The Roaring Twenties… of the 21st Century
So far, the decade we are living through could be described as a perfect storm of cascading crisis. And it is precisely in this circumstances that it is important to know how to seize opportunities
In the hangover from the end of World War I, the decade that followed was characterized by euphoria and became known as “the Roaring Twenties“. One hundred years later, the Roaring Twenties are back, but now for the worst reasons.
2022 was not an easy year. Pandemics, wars, energy crises, inflation and extreme events are some of the things that have marked it.
In the first two years of the decade, the COVID-19 pandemic brutally slowed down economic, and even civilizational, development.
Still in pandemic mode, a war with worldwide repercussions broke out in Europe at the beginning of the year, creating a situation dangerously similar to the the antechamber of past wars.
At the same time, supply chains, already disrupted by the pandemic, are suffering a new setback: a lack of raw materials and rising prices, culminating in trade restrictions with Russia. Meanwhile, due to West’s dependence on Russian fossil fuels, a tremendous energy crisis has broken out.
At the same time, the semiconductor industry, already under pressure from the growing demand for electric vehicles, is stretching component supply lead times by years, severely constraining the automotive, electronics and IT sectors.
To crown this annus horribilis, the icing on the cake: inflation like we have not seen in a long time, followed by a spectacular rise of interest rates.
And here we are – welcome to the Roaring Twenties of the 21st century.
The light at the end of the tunnel
But, as we know, every crisis generates opportunities; despite the difficulties, it is necessary to maintain a positive attitude to recognize and take advantage of them.
It has long been clear that the way we have depleted the planet’s resources is not sustainable. And humanity cannot survive the planet. The slogan is true: there really is no planet B, at least not yet. That is why it is imperative that we reduce our ecological footprint.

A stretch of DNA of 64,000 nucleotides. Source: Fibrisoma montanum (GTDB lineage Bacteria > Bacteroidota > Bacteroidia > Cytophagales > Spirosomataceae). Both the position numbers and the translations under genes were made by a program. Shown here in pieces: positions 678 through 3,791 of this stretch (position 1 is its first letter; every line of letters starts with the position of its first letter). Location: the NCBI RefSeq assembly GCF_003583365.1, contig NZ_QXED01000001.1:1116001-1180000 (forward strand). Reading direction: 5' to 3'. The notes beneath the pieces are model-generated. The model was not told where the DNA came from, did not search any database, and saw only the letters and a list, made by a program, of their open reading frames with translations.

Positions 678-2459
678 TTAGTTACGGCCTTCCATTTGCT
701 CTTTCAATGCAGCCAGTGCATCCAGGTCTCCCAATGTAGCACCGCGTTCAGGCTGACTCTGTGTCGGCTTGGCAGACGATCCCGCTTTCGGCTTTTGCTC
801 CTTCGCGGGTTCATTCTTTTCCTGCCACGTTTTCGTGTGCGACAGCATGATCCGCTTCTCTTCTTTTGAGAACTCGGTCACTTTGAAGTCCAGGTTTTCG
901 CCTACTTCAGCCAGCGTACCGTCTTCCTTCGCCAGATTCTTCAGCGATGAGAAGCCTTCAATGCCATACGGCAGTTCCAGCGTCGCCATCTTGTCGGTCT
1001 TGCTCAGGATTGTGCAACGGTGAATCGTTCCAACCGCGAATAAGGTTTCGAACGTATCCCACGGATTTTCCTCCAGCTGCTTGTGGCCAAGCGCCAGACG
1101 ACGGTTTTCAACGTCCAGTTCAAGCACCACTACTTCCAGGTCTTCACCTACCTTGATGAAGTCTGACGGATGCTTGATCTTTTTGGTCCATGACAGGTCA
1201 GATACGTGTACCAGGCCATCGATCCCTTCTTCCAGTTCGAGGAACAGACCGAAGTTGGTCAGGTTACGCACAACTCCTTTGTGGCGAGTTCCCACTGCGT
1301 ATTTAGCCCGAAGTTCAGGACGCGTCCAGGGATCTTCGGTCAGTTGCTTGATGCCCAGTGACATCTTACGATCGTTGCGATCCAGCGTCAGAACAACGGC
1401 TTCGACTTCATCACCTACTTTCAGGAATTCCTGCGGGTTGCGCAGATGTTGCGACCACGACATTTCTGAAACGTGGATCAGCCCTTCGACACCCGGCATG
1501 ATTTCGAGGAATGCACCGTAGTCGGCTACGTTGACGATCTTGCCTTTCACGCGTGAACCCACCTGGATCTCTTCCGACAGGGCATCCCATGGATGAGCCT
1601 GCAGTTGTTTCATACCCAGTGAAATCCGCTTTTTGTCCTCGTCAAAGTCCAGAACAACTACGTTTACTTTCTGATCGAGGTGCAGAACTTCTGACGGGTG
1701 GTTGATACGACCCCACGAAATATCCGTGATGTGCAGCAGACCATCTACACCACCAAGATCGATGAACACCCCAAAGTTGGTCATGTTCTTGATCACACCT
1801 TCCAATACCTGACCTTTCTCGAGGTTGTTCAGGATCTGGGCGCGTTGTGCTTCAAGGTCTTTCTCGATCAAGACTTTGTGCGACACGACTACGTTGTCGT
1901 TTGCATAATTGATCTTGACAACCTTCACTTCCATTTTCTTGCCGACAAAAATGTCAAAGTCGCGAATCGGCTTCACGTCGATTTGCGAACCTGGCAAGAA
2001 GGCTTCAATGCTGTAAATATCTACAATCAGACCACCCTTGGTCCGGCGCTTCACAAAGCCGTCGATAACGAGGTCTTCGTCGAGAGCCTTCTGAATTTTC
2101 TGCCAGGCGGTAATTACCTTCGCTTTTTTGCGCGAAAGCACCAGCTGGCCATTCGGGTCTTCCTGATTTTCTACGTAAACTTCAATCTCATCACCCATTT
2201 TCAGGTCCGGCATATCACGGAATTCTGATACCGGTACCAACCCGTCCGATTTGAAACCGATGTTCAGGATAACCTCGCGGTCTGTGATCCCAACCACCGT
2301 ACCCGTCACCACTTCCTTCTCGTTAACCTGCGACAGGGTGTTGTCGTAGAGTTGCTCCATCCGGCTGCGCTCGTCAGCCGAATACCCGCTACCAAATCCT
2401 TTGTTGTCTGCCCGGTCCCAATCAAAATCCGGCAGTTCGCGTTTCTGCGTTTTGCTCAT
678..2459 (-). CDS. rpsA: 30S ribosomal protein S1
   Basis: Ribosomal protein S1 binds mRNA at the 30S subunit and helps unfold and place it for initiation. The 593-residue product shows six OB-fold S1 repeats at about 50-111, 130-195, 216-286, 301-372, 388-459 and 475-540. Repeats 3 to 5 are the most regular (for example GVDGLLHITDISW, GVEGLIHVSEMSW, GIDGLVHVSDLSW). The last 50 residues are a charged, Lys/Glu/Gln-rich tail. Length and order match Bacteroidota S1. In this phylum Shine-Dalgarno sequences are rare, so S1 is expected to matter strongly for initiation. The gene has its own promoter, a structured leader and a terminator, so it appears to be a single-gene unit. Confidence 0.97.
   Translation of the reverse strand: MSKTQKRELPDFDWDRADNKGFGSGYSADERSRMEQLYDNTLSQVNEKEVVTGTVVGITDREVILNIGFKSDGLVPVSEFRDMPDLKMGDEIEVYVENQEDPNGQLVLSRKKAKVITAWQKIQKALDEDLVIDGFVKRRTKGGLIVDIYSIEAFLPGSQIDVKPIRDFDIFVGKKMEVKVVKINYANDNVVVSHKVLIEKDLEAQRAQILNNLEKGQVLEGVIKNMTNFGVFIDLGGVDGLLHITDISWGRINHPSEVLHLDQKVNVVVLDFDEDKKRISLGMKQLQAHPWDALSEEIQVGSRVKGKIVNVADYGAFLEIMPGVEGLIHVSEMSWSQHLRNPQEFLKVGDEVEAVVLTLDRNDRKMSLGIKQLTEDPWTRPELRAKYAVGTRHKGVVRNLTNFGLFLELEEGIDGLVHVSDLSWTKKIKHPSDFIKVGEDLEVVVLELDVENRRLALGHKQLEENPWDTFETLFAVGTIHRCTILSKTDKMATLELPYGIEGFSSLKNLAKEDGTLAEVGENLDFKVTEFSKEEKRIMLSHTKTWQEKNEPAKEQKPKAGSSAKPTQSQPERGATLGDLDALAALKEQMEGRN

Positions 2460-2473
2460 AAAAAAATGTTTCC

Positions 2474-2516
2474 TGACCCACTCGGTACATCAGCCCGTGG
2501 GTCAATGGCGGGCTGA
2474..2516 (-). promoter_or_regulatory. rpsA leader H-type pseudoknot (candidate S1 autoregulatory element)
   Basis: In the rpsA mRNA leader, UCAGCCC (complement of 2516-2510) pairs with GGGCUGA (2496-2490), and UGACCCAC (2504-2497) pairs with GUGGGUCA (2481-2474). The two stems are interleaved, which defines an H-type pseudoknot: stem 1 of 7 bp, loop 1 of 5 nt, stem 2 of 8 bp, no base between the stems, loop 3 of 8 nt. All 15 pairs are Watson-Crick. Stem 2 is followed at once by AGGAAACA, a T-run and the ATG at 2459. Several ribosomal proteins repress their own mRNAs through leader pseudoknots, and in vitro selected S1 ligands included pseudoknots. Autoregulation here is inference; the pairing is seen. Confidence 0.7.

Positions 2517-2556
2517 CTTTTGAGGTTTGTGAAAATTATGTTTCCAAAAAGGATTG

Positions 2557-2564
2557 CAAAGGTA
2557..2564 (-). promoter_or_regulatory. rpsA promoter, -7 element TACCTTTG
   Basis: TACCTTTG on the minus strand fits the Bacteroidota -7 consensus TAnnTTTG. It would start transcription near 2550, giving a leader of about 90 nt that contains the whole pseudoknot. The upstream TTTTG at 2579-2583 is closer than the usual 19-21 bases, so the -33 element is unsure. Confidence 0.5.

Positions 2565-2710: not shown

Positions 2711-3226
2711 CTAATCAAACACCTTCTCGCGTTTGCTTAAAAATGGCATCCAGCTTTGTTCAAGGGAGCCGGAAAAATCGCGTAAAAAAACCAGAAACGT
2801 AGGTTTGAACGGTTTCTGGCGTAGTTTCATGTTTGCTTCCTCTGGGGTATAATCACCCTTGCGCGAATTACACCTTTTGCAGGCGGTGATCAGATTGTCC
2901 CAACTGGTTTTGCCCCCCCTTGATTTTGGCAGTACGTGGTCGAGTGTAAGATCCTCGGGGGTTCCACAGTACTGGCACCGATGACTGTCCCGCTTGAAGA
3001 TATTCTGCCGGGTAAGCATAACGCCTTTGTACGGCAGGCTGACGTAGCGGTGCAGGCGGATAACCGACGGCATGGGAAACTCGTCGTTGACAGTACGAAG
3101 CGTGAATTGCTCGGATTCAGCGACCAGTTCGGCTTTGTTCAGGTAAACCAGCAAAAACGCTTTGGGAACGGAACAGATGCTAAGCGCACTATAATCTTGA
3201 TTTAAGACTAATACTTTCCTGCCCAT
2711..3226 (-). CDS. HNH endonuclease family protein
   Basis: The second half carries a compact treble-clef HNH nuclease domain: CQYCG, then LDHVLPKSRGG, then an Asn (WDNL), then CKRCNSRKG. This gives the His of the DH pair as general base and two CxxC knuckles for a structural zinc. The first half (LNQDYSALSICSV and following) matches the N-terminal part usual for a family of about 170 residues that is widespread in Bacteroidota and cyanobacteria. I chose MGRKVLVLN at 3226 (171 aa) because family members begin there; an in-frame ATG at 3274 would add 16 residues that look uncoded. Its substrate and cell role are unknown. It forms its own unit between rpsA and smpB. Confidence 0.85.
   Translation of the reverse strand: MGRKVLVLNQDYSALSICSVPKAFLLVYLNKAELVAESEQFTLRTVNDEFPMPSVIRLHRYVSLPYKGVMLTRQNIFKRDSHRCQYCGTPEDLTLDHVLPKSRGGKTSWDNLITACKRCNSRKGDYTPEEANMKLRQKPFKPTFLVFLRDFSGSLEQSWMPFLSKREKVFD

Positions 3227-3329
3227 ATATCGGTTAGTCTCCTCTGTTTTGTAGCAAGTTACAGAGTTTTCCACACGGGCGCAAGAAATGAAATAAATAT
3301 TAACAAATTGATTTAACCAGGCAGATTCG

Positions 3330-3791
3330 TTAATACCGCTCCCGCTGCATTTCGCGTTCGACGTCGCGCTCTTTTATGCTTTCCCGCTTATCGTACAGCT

In this context, the first opportunity not to be missed is the drive to accelerate energy transition.
Portugal and Spain are good examples of the advantages of investing in renewable energies, which are already protecting us from the astronomical energy prices practiced in northern Europe. It is no coincidence that the European Union launched the RepowerEU program to accelerate the energy transition and invest in renewable production.
A second opportunity is to encourage local production and industry. We are witnessing a major concentration of industry in the East, particularly in China, the “factory of the world”, which by 2021 already accounted for about 29% of the world’s manufacturing. China’s Zero COVID policy has led to frequent shutdowns of entire cities, severely limiting industrial production. At the same time, the cost of shipping has increased by nearly 700%. The combination of these factors contributed greatly to rising inflation and shortages of various products.
Conventional advises against putting “all eggs in one basket”, but that is exactly what the West has done, and the results are there for all to see.
It is time for change. It is time to go back to promoting local industries, to encourage them to grow, to develop local ecosystems. That will make us more independent and resilient, but also more environmentally friendly, because, as we know, shipping accounts for a large share of CO2 emissions. Manufacturing and buying locally is also a form of sustainability.
Let’s make these roaring twenties be remembered as a time when, facing the abyss, we have finally found the intelligence and the will to change course towards a more sustainable future.
Miguel Allen Lima